William Blake's Songs of Experience and Songs of Innocence have the word "song" in their title. Why is that? Are they actually songs? Or is the word "song" a metaphor for something else.
There's a substantial body of evidence that the title "Songs of Innocence" points to the fact that the poems were intended to be sung.
In the article William Blake and the Music of the Songs, Kevin Hutchins outlines several pieces of evidence for this:
The romantic period sought to draw on the historic connection between music and poetry. As Hutchins writes:
Some of the most famous poems of the period thus had musical titles, titles representing the poet or poetic narrator as a veritable singer: Wordsworth’s and Coleridge’s Lyrical Ballads, Scott’s Lay of the Last Minstrel, Byron’s Hebrew Melodies, Whitman’s Song of Myself, and Blake’s Songs of Innocence and of Experience are among the most famous Romantic texts figuring poetry as song. In all of these works, music functions as a metaphor for the poetry’s connection to a primal origin yoking graphic text to the living human voice in what is arguably its most passionate mode of articulation: that of song.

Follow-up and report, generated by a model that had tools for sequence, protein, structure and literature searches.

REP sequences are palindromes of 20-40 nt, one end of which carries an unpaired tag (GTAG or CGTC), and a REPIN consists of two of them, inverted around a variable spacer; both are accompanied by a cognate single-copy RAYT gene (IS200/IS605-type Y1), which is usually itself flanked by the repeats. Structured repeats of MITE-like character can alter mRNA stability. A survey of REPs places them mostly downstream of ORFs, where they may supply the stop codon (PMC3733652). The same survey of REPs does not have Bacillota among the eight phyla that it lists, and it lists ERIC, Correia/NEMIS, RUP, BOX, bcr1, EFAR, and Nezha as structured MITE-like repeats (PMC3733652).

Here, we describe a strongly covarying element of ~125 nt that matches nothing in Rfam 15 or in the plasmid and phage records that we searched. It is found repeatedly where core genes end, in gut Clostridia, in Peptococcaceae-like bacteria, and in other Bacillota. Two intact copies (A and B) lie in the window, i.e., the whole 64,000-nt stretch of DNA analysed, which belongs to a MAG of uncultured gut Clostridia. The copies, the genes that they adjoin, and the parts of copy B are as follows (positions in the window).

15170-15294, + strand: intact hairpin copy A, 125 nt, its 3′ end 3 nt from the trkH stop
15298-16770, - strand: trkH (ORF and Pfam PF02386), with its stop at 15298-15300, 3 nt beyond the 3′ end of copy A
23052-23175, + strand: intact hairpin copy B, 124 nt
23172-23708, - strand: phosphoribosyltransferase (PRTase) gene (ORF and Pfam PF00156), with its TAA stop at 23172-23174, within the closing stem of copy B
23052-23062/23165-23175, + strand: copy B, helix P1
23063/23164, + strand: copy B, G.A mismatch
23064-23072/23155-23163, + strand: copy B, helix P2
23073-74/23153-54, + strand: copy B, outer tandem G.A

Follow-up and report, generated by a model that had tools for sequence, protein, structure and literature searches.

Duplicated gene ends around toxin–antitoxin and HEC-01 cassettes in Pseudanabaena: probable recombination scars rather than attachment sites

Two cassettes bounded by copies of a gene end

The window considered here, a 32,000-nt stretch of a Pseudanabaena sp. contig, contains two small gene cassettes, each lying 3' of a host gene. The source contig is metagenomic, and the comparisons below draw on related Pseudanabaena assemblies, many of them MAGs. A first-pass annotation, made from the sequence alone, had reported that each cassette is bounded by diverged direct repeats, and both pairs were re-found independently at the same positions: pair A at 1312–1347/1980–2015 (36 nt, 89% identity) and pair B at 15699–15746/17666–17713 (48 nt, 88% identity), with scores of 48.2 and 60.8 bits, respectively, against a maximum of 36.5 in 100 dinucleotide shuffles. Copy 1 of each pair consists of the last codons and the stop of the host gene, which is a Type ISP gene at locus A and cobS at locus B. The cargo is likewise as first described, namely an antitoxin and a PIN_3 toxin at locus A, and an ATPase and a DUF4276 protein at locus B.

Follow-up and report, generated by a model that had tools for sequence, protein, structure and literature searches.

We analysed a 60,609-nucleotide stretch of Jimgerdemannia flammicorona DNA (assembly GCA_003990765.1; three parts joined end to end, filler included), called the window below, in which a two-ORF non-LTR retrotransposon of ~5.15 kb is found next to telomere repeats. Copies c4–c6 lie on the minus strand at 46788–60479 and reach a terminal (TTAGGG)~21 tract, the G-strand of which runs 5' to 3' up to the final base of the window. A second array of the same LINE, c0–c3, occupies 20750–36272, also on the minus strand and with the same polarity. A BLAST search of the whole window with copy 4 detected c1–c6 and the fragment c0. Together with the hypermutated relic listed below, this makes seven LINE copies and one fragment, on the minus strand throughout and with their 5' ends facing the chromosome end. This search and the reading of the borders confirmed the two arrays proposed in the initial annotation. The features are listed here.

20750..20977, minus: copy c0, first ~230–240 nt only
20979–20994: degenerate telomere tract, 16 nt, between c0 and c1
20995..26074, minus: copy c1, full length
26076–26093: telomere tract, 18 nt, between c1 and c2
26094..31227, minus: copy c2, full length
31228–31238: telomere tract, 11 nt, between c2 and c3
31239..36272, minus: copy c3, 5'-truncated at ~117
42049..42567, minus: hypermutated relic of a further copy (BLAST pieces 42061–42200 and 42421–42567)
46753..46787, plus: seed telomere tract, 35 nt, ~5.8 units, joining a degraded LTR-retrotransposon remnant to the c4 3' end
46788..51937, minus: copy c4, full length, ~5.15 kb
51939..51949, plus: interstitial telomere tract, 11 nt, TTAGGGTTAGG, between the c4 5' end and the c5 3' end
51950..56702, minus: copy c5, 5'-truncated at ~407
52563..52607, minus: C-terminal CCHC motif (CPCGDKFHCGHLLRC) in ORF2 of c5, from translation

Blake would frequently sing his poems. Hutchins writes:
Writing of events that occurred between 1782 and 1784, John Thomas Smith—an acquaintance of Blake’s for over forty years and a childhood playfellow to his younger brother Robert—provided an answer to this question, noting that Blake “wrote many … songs to which he also composed tunes,” and that “he would occasionally sing [them] to his friends” (2.458).
Smith wrote: “I have often heard him read and sing several of his poems. He was listened to by the company with profound silence, and allowed by most of the visitors to possess original and extraordinary merit” (2.458).
Not only did Blake sing his poems, but he was described as being very musically talented!
The evidence points to the fact that the word song points to the fact that the poem is a song that can (or should?) be sung.